Parents of children diagnosed with autism face a difficult and uncertain path. There are worries about school, how a child will be treated by others and whether he or she will be able to function on their own, said Michael Ott, the parent of a 10-year-old boy with autism.
Michael and his wife, Ginger, are grateful to have found help to guide them on the path through a new program at Akron Children’s Hospital.
Since October, Jessica Fister has been the hospital’s designated “autism navigator.” Jessica works with the developmental pediatrics team in the NeuroDevelopmental Science Center, which sees many children with autism. Her job is to guide parents on matters inside and outside the hospital.
She helps the Otts and other families secure appropriate community resources and school-based services and accommodations. She will accompany parents to meetings with school officials to discuss Individualized Education Programs, known as IEPs, which spell out special education services to be provided.
Jessica met with the Otts of Massillon in February to discuss their son Justin’s IEP at his school.
“She met with us and talked about what we’d like to see in an IEP,” Michael said. “She gave us a lot of great ideas on different resources available and suggestions on what we should ask in our IEP meeting with the school.
“This whole process can be scary, and it is comforting to have someone in your corner who is happy to help.”
Jessica is more than happy to help. She gushes enthusiasm for a job she pursued after learning about it while working as a medical assistant in orthopedics at Akron Children’s.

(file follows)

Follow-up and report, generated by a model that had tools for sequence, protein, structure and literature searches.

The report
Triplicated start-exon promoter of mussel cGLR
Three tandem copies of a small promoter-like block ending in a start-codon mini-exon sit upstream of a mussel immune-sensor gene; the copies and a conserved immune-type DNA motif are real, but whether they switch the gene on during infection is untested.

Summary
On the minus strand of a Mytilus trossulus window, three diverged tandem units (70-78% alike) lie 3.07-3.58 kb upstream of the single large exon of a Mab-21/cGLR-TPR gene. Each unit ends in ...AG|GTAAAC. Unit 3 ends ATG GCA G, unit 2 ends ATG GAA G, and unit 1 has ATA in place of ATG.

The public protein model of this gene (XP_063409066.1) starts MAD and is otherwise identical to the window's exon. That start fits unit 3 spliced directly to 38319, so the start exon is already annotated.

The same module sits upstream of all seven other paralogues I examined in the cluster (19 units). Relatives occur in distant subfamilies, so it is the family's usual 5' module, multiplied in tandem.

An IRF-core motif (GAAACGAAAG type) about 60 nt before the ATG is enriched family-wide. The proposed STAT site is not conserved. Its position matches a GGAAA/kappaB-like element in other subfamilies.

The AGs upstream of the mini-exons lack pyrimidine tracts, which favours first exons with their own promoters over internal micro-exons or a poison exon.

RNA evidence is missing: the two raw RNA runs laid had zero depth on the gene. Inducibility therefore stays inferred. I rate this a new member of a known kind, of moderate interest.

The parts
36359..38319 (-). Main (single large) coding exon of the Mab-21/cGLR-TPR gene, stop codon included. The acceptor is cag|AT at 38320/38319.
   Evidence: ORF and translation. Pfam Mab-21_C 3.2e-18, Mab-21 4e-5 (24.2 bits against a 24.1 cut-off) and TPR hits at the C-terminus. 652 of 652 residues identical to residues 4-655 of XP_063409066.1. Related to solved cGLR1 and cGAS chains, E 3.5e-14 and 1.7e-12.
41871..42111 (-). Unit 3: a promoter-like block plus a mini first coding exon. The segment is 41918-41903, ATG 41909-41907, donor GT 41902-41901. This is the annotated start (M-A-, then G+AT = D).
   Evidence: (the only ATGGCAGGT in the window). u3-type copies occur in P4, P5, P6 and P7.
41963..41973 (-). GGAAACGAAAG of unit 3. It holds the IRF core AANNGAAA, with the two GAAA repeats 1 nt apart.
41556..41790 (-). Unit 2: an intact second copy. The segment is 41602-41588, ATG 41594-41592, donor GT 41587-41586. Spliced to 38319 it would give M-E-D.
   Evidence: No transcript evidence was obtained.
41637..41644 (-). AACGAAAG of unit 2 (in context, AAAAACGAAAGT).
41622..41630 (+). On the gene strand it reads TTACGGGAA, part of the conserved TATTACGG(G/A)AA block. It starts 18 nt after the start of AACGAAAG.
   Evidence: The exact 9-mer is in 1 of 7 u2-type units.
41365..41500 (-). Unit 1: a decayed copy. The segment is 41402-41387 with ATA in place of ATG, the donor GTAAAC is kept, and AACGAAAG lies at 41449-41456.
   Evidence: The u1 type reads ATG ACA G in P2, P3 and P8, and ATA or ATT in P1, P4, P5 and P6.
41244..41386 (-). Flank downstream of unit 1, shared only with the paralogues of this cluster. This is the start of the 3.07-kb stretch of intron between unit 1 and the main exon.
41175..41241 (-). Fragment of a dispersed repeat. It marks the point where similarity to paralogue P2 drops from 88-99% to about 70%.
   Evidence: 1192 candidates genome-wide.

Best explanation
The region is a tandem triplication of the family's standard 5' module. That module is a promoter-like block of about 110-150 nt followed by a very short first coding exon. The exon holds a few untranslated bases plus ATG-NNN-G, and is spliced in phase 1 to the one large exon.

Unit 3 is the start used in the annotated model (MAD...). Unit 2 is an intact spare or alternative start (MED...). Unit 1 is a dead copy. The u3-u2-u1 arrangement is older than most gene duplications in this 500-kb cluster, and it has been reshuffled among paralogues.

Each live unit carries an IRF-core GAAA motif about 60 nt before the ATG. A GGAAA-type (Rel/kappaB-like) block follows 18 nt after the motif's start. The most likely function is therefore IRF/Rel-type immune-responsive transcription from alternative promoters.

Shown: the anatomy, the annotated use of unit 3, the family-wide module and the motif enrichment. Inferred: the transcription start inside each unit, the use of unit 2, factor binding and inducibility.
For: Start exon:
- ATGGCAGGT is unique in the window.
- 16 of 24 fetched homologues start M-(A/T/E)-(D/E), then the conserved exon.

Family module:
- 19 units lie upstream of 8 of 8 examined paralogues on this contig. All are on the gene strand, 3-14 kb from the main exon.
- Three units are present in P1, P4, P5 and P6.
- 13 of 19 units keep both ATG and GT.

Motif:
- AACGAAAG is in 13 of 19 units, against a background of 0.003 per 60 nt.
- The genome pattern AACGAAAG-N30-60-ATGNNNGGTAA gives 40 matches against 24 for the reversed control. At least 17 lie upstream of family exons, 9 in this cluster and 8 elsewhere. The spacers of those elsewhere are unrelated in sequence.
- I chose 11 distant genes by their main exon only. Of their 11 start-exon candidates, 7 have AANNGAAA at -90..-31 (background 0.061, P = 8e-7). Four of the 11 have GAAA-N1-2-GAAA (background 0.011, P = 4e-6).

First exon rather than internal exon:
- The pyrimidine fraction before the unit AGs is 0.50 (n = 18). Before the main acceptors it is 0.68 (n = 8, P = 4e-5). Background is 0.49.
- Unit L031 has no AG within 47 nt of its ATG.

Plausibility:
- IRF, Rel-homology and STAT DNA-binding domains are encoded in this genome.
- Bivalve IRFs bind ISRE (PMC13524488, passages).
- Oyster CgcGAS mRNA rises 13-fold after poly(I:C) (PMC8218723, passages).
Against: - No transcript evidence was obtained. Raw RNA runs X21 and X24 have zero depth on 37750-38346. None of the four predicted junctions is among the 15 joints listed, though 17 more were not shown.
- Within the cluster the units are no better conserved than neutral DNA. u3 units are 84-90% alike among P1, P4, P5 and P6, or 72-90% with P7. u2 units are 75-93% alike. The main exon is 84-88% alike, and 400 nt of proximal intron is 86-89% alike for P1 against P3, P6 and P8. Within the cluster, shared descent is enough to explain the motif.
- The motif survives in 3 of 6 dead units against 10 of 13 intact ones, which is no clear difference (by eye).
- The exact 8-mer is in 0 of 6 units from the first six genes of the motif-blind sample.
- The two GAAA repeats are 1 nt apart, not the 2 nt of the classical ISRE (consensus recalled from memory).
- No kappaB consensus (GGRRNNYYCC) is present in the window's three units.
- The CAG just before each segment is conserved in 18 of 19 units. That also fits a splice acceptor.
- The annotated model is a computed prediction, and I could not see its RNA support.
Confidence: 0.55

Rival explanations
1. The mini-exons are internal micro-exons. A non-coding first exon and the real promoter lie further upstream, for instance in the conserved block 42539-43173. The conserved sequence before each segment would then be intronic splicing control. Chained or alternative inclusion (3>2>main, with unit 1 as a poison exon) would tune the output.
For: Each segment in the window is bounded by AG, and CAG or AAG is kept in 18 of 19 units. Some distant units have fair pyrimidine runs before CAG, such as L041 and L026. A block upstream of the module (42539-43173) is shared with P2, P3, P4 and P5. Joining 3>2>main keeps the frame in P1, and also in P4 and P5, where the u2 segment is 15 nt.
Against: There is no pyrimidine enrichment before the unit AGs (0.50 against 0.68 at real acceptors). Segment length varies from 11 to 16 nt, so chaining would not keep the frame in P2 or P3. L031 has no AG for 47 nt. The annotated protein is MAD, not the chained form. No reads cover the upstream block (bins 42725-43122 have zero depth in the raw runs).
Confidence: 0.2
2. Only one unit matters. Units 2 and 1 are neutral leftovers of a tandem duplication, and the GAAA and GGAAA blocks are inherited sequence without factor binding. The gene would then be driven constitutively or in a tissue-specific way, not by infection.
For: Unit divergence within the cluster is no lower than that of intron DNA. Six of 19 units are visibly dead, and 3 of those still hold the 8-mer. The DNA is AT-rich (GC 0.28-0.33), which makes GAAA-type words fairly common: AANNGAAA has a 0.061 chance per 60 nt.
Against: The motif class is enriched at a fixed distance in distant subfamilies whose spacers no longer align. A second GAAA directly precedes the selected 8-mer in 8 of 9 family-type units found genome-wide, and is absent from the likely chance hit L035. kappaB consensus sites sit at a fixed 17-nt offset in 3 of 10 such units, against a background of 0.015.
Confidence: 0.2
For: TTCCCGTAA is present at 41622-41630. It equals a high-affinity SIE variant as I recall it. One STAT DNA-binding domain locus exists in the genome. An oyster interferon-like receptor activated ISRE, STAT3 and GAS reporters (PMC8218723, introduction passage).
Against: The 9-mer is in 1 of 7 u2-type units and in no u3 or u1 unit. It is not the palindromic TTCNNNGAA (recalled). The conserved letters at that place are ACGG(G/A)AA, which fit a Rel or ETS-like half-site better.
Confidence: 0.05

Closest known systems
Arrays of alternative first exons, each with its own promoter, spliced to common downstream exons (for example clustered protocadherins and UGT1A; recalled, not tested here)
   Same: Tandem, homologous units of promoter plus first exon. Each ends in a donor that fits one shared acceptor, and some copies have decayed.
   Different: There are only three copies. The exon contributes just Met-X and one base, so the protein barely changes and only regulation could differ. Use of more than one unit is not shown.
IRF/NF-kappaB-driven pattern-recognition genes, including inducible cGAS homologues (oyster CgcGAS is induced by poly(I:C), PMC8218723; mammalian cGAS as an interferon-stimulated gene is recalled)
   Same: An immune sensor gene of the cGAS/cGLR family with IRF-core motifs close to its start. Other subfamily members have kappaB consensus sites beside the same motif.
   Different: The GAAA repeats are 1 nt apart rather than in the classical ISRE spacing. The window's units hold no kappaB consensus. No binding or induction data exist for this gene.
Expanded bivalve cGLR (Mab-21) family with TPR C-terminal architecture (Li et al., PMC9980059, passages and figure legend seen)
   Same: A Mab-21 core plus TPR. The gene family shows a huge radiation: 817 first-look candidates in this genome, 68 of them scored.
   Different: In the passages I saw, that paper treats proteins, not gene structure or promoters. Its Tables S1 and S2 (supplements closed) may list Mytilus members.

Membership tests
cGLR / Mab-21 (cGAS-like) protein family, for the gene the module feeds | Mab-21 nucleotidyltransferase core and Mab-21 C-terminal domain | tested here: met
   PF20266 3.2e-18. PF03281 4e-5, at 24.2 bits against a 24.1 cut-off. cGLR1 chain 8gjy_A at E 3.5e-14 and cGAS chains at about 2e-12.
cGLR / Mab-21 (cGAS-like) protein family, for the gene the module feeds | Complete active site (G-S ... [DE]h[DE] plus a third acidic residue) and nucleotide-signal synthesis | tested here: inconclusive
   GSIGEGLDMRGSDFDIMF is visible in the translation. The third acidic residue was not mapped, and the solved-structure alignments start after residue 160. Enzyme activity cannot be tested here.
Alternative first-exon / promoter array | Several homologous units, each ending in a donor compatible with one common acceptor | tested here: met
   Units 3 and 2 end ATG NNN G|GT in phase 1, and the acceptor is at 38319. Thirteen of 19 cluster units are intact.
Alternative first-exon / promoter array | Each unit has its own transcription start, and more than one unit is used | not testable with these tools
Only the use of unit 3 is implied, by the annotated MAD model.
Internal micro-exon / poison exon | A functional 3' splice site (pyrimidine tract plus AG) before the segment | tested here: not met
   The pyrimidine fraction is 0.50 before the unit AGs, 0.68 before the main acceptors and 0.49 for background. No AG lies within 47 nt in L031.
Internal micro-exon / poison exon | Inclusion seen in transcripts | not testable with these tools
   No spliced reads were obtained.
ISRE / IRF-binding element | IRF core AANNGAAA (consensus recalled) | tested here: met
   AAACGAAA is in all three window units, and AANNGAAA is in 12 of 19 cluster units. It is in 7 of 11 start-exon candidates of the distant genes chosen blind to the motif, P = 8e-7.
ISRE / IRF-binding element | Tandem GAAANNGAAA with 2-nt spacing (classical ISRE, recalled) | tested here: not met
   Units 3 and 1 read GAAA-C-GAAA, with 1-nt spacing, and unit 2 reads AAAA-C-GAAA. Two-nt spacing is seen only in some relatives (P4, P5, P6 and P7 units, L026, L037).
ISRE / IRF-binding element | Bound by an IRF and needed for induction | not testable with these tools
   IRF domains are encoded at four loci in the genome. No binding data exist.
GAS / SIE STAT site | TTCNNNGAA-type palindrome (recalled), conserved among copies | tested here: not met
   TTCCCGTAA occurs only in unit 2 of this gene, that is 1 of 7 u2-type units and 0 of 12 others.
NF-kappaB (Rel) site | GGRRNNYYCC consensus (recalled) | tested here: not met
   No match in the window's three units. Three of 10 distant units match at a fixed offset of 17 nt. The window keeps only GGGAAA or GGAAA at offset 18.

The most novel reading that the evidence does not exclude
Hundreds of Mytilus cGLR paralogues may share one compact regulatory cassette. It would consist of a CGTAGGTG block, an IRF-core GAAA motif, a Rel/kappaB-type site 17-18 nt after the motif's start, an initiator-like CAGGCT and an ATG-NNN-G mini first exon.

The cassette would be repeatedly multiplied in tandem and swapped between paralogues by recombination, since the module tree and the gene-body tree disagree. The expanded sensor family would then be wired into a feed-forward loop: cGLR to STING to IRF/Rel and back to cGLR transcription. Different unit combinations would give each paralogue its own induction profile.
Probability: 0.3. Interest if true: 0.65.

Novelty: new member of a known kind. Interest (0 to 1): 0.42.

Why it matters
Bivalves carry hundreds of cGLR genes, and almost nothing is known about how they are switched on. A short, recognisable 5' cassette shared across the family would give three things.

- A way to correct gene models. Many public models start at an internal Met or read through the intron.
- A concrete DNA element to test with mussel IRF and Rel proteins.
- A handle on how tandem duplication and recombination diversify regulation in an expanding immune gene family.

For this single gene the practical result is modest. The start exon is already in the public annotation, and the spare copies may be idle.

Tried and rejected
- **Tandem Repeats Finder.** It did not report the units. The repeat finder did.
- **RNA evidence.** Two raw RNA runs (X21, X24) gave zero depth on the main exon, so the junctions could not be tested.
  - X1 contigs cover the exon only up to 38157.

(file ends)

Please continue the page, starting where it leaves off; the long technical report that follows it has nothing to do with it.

“I’ve always loved kids,” Jessica said. “I was a preschool teacher and have a background in family and child studies. I always enjoyed kids with special needs.
“I love knowing that I can help a child develop and succeed. You just want families to know you’re there for them, to give them comfort and support.”
Jessica is brought in to assist parents by developmental-behavioral pediatricians and nurse practitioners in the NeuroDevelopmental Science Center. So far, she has seen about 90 families. The patients range in age from 18 months to 21 years, and they have a wide variety of needs.
Developmental-Behavioral pediatrician Dr. Daniel Smith wrote in a letter praising Jessica that she “has gone above and beyond, meeting with families outside of typical business hours to discuss their various needs.”
“She also takes the initiative to attend various community-based conferences that help to enhance her knowledge of the various resources available, and quickly translates that information to our patients,” Dr. Smith said.
For Justin Ott, Jessica advocated for school-based speech and occupational therapy services at Lake Center Christian School in Hartville, where Justin is a fifth grader.
“He’s never had an issue with academics,” Michael said. “It’s more on the social side of things and with impulse control.” Speech therapy is meant to help Justin with social interaction.
“We can tell how much passion Jessica has for what she does,” Michael said. “She offered to assist us in any way she could.”
Jessica says sometimes she just listens to parents who need to talk.
“I’m happy to listen if they just need to vent,” she said. “Whatever the need, I want to walk them through the journey.”
Jessica’s position was created by a generous donation by the Venner family of Wadsworth, Ohio.